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HelixTalk Episode #115 - What Every Pharmacist Should Know to Conquer Staph Aureus Infections
Date posted: June 30, 2020, 6:00 am
In this episode, we discuss the historical significance of Staphylococcus aureus including its patterns of antimicrobial resistance and recommended treatments.
- Nearly all Staphylococcus produce B-lactamase, an enzyme that degrades penicillin, amoxicillin, and ampicillin. These drugs are almost never appropriate for Staphylococcus aureus infections.
- Methicillin-resistant Staphylococcus aureus (MRSA) is resistant to nearly all B-lactam antibiotics (penicillins, cephalosporins, carbapenems, etc.) because a single gene mutation makes it very difficult for B-lactam antibiotics to bind to its penicillin binding protein.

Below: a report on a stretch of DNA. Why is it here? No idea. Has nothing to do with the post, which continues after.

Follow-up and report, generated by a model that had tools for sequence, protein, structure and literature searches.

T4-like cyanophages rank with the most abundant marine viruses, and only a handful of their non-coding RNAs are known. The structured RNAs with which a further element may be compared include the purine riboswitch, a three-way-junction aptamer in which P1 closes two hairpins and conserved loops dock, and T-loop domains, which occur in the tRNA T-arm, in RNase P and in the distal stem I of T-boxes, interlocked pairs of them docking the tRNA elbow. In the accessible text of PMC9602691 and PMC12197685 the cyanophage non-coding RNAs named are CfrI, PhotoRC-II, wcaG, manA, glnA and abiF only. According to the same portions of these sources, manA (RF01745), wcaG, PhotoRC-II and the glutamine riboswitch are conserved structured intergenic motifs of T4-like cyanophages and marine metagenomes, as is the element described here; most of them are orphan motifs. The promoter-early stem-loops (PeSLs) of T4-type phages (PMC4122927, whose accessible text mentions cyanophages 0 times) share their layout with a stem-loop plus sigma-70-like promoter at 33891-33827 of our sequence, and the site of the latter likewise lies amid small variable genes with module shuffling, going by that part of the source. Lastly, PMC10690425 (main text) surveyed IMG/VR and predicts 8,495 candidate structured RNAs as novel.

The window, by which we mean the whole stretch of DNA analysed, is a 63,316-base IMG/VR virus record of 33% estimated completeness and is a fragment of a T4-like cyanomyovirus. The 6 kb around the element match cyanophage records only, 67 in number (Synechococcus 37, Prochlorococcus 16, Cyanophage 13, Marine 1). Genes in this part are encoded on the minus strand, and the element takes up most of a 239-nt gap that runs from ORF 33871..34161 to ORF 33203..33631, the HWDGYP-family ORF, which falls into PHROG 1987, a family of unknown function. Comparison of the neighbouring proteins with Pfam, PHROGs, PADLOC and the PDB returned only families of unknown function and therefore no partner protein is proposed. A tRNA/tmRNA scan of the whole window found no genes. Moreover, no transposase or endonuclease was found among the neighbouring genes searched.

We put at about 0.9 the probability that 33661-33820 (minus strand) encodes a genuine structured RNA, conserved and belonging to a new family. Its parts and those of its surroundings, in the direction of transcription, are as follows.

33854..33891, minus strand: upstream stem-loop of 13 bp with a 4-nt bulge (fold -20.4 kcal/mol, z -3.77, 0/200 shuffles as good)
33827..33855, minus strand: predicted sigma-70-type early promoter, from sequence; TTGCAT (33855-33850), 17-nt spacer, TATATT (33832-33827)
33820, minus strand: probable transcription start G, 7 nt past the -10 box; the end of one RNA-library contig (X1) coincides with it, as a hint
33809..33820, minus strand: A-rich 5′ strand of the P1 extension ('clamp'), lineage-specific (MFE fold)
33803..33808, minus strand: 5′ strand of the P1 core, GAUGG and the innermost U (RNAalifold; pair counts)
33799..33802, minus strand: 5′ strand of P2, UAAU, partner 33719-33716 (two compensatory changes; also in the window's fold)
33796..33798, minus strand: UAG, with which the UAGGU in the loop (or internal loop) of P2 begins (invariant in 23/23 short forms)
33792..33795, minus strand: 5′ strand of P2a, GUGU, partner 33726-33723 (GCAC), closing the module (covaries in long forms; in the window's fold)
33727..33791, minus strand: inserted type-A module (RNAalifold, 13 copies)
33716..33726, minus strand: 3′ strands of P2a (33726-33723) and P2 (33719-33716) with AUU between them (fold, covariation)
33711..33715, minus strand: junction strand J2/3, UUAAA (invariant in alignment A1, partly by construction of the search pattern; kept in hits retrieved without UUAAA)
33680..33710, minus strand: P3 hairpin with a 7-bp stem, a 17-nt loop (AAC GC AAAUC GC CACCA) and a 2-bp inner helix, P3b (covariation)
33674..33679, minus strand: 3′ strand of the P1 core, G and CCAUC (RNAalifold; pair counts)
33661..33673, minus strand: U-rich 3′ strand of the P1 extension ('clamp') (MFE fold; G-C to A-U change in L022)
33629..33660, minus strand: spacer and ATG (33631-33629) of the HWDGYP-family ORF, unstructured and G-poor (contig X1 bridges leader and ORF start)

- Vancomycin is the drug of choice for severe infections caused by MRSA. Daptomycin and linezolid are possible alternative options in certain patients.
- MRSA SSTI infections are usually purulent in nature (associated with abscesses and pus/drainage). For patients with mild-moderate SSTIs, doxycycline or Bactrim (SMP/TMP) are the preferred options; however, incision and drainage is curative in the vast majority of cases.
- Deurenberg RH, Stobberingh EE. The evolution of Staphylococcus aureus. Infect Genet Evol. 2008;8(6):747‐763. doi:10.1016/j.meegid.2008.07.007
- Stevens DL, Bisno AL, Chambers HF, et al. Practice guidelines for the diagnosis and management of skin and soft tissue infections: 2014 update by the Infectious Diseases Society of America [published correction appears in Clin Infect Dis. 2015 May 1;60(9):1448. Dosage error in article text]. Clin Infect Dis. 2014;59(2):e10‐e52. doi:10.1093/cid/ciu444.